The tradition of kissing this Blarney Stone to improve one's eloquence and persuasive abilities - which can only be done by hanging, with one's feet securely held, head-down from the castle's battlements - dates from the eighteenth century.

The story behind the Blarney Stone's legacy is that in 1602, McCarthy, Lord of Blarney, was defending the castle against the English, who were fighting to force him to surrender the fortress and transfer his allegiance to the English crown.

However, McCarthy smooth-talked the British emissary, Sir George Carew (1565-1612), with flattery and sweet promises and stood his ground, much to the fury of Queen Elizabeth I (1533-1603).

It is said that the Queen herself coined the term 'blarney' to describe the worthlessness of McCarthy's promises.

I just thought I'd add this little snippet in - just as a precaution for anyone planning to kiss the Blarney Stone at any future date:

(from the Daily Mail - June 2009)

Blarney Stone 'most unhygienic tourist attraction in the world'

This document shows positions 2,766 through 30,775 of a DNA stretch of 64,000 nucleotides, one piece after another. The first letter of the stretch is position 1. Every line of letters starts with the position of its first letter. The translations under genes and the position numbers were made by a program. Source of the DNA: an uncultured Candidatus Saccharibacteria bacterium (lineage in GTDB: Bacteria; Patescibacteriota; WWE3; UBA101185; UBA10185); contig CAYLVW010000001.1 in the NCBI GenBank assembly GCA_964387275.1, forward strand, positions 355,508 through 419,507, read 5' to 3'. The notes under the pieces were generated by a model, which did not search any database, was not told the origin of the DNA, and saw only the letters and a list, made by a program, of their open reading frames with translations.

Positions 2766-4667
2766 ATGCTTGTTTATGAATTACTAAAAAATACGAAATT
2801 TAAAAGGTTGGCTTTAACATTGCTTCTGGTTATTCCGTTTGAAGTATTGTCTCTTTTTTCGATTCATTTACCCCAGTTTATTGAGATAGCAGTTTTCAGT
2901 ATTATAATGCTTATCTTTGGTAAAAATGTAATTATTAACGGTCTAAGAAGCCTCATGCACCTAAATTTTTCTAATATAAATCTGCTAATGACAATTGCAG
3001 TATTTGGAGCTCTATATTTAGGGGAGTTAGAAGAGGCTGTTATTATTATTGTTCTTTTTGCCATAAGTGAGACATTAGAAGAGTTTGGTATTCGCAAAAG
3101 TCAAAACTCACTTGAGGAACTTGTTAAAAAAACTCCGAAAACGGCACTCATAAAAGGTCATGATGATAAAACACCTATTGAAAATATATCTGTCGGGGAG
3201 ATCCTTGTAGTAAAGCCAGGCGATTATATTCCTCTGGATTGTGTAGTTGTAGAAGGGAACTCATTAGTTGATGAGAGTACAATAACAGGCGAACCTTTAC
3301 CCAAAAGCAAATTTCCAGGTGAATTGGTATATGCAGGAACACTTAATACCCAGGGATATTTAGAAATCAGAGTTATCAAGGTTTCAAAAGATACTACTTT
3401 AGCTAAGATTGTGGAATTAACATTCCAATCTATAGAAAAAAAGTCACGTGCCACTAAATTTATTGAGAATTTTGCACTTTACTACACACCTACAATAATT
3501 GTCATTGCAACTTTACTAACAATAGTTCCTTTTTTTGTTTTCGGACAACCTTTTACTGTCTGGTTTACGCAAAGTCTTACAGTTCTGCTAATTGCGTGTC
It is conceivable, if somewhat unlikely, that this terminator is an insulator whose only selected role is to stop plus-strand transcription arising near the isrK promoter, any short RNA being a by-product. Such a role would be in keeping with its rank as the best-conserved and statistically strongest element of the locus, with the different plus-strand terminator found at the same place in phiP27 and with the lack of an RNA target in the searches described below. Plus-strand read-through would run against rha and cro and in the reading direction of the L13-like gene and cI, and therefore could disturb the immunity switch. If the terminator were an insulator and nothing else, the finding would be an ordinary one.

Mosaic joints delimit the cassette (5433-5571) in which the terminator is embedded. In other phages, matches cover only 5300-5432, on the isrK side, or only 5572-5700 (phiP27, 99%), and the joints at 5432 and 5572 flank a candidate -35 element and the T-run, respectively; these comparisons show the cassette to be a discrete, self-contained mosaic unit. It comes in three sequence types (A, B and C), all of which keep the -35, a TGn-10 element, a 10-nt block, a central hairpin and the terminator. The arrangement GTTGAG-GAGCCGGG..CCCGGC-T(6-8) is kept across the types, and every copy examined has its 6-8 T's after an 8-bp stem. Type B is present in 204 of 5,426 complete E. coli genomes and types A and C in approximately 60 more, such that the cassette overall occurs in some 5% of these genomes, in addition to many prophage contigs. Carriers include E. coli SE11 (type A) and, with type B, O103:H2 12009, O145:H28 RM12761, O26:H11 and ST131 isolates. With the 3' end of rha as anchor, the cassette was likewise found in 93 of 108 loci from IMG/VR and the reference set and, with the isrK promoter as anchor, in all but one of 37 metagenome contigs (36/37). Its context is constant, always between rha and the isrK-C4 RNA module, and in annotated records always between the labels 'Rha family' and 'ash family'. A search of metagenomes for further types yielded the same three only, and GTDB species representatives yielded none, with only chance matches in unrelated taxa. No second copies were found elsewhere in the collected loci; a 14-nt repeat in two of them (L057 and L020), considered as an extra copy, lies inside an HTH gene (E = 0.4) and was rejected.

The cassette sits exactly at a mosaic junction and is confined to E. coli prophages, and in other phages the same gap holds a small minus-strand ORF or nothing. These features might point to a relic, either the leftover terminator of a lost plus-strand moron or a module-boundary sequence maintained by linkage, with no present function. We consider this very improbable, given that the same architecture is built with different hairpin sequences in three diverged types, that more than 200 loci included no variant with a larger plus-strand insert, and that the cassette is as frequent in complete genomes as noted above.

The Blarney Stone in Ireland has been named as the most  'unhygienic' tourist  attraction in the world.

It beat off opposition from a wall plastered with thousands of  pieces of discarded chewing gum in the US to take first place in the bizarre awards ceremony.

Organisers said the Blarney Stone, kissed by up to 400,000 people a year, rates as the most germ-filled of attractions  -  although it admitted it had no scientific evidence to back its case.

A tourist kissing the Blarney stone at Blarney Castle in Ireland

Local legend has it that visitors who bend over backwards to kiss the stone built into Blarney Castle, near Cork, Ireland, are rewarded with the 'gift of the gab'.

But internet travel website believes those who kiss the stone are likely to end up with something else other than fluent speech as it is so germ ridden.